Feeds

You only want me for my BYOD

Get your kit off... my cloud

Mobile application security vulnerability report

Cloud and proud

Either this Cloud thing doesn't bloody work or it hasn't been designed to work with the real world in mind. More likely, it's just another piece of average technology being sold in shiny wrapping paper to dullards who like shiny things. As ever, Scott Adams sums it up perfectly.

Source: Simply Smile Photography by Georgia Stephenson

Vanity project? A personal Cloud is not everyone's cuppa
Source: Simply Smile Photography/Georgia Stephenson

This brings me back to BYOD, the world's first IT acronym designed to be pronounced with a Polish accent. BYOD is all about company IT departments supporting whatever (within reason) computing kit you choose to bring in to the office rather than locking the network into MAC serials registered to the company's under-powered 5kg notebooks and shitty little non-Qwerty Blackberrys.

Three years ago, I would have to beg, sign disclaimers and undergo a full invasive strip search before being allowed to use my own smartphone and notebook on a customer site. Today, I can just walk in, log a call and I'm up and running within a couple of minutes, no begging or having to undo my belt.

The BYOD acronym barely expresses the full import of such a change, but these are dangerous word games to play with. I still remember a press release a decade or so ago that kept referring to a 'Smart Hybrid Internet Telephone' without considering how that reads as an acronym. My own acronym alternatives to BYOD - 'Tried Ordering Smartphone, Sold Ebay Relic' or 'Internet Mobile Activity Without Abiding No-brand Klunky Ersatz Rubbish' - might need reworking too.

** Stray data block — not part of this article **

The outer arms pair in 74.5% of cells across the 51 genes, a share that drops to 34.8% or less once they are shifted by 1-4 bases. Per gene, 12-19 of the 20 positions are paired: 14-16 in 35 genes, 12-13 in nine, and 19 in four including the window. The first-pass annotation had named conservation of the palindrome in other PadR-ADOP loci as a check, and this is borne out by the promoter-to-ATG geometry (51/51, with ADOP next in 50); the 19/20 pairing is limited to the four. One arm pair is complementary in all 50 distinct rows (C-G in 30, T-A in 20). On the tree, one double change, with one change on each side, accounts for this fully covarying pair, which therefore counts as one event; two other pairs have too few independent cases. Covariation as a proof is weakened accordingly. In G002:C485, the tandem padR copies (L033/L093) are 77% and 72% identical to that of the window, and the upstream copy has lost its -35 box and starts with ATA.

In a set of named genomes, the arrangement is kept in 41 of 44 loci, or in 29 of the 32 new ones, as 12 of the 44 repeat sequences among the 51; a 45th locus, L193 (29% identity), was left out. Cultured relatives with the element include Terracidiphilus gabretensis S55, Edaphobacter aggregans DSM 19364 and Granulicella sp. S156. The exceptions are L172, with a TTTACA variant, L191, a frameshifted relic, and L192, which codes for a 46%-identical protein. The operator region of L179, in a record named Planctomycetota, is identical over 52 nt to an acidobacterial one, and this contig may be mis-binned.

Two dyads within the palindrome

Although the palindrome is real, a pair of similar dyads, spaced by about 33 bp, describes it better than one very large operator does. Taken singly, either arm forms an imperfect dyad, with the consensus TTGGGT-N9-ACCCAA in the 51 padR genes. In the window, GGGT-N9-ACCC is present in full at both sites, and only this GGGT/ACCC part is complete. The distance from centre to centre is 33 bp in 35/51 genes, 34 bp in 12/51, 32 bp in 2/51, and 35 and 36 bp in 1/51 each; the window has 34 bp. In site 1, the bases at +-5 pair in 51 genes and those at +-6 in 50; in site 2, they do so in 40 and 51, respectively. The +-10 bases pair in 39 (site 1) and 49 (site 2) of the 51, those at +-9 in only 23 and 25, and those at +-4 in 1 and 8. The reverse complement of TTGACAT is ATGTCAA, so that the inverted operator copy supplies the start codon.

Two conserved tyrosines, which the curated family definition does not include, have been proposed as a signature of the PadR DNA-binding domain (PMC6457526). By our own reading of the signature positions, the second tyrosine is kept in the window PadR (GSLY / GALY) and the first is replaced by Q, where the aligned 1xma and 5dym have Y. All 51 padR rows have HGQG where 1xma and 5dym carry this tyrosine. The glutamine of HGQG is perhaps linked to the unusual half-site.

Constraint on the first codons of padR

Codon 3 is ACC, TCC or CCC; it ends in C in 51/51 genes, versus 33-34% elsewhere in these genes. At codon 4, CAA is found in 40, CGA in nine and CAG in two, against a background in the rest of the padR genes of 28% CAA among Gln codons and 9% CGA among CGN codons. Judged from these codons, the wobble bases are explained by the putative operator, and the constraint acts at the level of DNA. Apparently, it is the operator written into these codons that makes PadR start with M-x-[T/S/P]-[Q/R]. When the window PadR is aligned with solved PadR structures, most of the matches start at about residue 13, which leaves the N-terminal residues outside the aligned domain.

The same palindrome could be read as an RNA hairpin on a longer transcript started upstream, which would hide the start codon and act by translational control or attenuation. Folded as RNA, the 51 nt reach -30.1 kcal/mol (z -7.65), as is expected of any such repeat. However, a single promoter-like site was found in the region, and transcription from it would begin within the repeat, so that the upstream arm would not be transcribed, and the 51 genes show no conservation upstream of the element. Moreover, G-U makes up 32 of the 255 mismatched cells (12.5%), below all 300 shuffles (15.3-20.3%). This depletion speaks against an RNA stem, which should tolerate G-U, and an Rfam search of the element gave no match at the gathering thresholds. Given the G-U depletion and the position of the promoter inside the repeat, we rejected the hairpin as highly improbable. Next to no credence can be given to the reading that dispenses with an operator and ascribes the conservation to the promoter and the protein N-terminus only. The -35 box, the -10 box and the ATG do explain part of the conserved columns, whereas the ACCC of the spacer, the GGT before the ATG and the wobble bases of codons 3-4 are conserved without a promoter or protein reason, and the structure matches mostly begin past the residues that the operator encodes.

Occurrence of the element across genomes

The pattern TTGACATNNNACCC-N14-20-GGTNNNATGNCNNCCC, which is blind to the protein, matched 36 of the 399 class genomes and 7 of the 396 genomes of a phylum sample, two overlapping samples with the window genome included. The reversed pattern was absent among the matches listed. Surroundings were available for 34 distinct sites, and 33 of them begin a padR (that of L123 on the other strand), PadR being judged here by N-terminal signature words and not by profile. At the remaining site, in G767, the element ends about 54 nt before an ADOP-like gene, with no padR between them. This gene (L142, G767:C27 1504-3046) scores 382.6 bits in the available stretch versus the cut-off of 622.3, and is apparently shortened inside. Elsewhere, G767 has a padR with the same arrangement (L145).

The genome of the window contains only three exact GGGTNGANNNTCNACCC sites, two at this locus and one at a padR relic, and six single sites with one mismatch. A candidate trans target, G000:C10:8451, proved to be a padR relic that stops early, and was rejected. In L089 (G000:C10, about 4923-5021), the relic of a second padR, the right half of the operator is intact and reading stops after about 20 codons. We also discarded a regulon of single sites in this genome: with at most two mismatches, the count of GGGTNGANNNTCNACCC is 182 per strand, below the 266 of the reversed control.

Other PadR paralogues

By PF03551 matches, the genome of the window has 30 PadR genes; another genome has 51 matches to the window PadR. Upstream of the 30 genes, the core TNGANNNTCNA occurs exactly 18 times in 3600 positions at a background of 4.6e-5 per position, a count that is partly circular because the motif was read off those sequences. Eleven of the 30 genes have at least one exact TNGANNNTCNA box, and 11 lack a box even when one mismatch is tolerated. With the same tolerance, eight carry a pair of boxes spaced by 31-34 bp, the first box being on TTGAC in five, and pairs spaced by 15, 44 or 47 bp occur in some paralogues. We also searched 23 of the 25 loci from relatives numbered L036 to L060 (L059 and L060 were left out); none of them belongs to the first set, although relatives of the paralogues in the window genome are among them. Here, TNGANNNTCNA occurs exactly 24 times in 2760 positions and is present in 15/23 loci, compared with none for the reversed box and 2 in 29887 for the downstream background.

Brazil console computer source: Twentieth Century Fox

"You can have a better machine, but you'll have to buy it yourself"
Source: 20th Century Fox Home Entertainment

What makes me suspicious about BYOD is that it seemed to have come about so swiftly and without fuss. It's as if the boardrooms bought into the idea immediately. And why not? Instead of expensively maintaining hundreds of rapidly devaluing notebooks and mobile phones destined to be antique-class in a few weeks, companies can let users take over that responsibility.

As a management concept, it's nothing short of brilliant. Let's force our employees to pay for their own office equipment!

Ultimately, BYOD does not mean 'Bring Your Own Device'. It means 'Buy Your Own Device'. We asked for it and we fell for it. Duh. ®

Alistair DabbsAlistair Dabbs is a freelance technology tart, juggling IT journalism, editorial training and digital publishing. As a freelancer, he has always paid for his own kit but can sympathise with wage-slaves who got conned into BYOD by being offered company discounts on new kit. It probably seemed like a good idea at the time.

Boost IT visibility and business value

More from The Register

next story
iPad? More like iFAD: We reveal why Apple fell into IBM's arms
But never fear fanbois, you're still lapping up iPhones, Macs
For Lenovo US, 8-inch Windows tablets are DEAD – long live 8-inch Windows tablets
Reports it's killing off smaller slabs are greatly exaggerated
Cheer up, Nokia fans. It can start making mobes again in 18 months
The real winner of the Nokia sale is *drumroll* ... Nokia
Microsoft unsheathes cheap Android-killer: Behold, the Lumia 530
Say it with us: I'm King of the Landfill-ill-ill-ill
Seventh-gen SPARC silicon will accelerate Oracle databases
Uncle Larry's mutually-optimised stack to become clearer in August
EU dons gloves, pokes Google's deals with Android mobe makers
El Reg cops a squint at investigatory letters
Apple orders huge MOUNTAIN of 80 MILLION 'Air' iPhone 6s
Bigger, harder trouser bulges foretold for fanbois
prev story

Whitepapers

Designing a Defense for Mobile Applications
Learn about the various considerations for defending mobile applications - from the application architecture itself to the myriad testing technologies.
How modern custom applications can spur business growth
Learn how to create, deploy and manage custom applications without consuming or expanding the need for scarce, expensive IT resources.
Reducing security risks from open source software
Follow a few strategies and your organization can gain the full benefits of open source and the cloud without compromising the security of your applications.
Boost IT visibility and business value
How building a great service catalog relieves pressure points and demonstrates the value of IT service management.
Consolidation: the foundation for IT and business transformation
In this whitepaper learn how effective consolidation of IT and business resources can enable multiple, meaningful business benefits.